Gloria Steinem’s Memoir Is So ‘Vividly Cinematic’ It Requires a Film Adaptation
Photo: Wikipedia Commons
Today in things to look forward to, a film adaptation of Gloria Steinem's memoir My Life on the Road is officially happening. It's set to be directed by Julie Taymor of Frida and Across the Universe fame and will be written by Sarah Ruhl, a playwright known for her Tony and Pulitzer Prize-nominated play In The Next Room (or the Vibrator Play), a feminist history of the vibrator and its roots in the treatment of so-called “hysteria” in the Victorian era.
The book, which was published in 2015, follows Steinem as she travels through India in her 20s, hears Martin Luther King speak at the 1963 March on Washington, founds Ms. Magazine, travels the country as a journalist, goes undercover as a Playboy bunny for a now-iconic exposé, organizes the 1977 National Women's Conference, and swiftly becomes a bona fide icon for gender equality. Steinem describes it as the “story of a nomad,” and it's dedicated to the London physician who helped her obtain an illegal abortion at age 22.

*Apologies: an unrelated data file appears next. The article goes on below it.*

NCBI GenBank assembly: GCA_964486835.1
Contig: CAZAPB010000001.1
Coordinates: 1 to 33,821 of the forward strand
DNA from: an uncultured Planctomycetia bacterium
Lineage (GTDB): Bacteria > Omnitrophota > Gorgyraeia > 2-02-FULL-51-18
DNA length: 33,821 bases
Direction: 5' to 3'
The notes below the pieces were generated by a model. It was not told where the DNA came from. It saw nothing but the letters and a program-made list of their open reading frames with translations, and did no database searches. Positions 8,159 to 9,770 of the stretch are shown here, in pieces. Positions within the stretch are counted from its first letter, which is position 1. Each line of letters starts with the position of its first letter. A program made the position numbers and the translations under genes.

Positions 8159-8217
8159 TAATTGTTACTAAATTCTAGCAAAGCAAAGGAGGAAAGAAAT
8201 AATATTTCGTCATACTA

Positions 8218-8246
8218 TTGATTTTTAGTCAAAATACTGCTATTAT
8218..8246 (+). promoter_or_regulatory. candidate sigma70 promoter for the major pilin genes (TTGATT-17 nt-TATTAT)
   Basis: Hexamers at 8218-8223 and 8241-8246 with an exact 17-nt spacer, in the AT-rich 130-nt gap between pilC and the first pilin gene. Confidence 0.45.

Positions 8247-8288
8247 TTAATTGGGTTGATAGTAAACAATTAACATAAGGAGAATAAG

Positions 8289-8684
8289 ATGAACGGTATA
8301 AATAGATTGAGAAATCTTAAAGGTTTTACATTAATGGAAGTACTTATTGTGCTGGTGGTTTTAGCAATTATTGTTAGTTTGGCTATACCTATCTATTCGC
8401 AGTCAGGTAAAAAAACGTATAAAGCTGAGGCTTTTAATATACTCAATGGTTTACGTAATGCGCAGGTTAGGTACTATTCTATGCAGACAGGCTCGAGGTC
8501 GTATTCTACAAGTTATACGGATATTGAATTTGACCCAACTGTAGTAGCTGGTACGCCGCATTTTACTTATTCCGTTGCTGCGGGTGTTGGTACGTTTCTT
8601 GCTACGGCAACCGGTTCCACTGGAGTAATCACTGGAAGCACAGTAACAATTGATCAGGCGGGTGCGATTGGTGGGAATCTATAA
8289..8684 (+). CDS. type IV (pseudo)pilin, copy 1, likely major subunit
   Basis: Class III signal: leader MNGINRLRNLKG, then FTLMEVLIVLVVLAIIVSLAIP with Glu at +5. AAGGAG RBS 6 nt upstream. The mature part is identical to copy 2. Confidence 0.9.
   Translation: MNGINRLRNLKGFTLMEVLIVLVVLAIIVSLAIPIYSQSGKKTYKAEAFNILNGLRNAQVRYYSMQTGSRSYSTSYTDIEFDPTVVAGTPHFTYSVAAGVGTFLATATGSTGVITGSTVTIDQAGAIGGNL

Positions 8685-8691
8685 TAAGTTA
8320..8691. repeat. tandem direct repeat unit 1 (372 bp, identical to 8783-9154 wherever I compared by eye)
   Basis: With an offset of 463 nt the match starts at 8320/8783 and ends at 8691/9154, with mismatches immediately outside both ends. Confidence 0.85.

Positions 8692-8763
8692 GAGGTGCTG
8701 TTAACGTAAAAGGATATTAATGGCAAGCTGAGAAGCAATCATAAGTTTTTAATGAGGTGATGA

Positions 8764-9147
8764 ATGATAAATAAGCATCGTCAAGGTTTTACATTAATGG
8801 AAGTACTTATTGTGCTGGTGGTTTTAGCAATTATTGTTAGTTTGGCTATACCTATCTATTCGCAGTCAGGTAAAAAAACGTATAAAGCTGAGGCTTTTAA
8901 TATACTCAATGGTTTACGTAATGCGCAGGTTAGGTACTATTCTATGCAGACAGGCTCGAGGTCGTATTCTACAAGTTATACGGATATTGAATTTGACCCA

“When I read the book, it demanded that it be a film. It’s so vividly cinematic, with entertaining and complex characters and, like Gloria herself, also witty and provocative. From reluctant spokesperson to a beacon of positive change, hers is a singular journey — an American leader who can speak to us all,” Taymor told Deadline.
No word yet on who will play Steinem, who as a young reporter in the '70s was described by no less than the Washington Post as the “miniskirted pinup girl of the intelligentsia.” And since there's also no word on when the film might be released, there's plenty of time to dive into Steinem's memoir and/or binge read her many other works.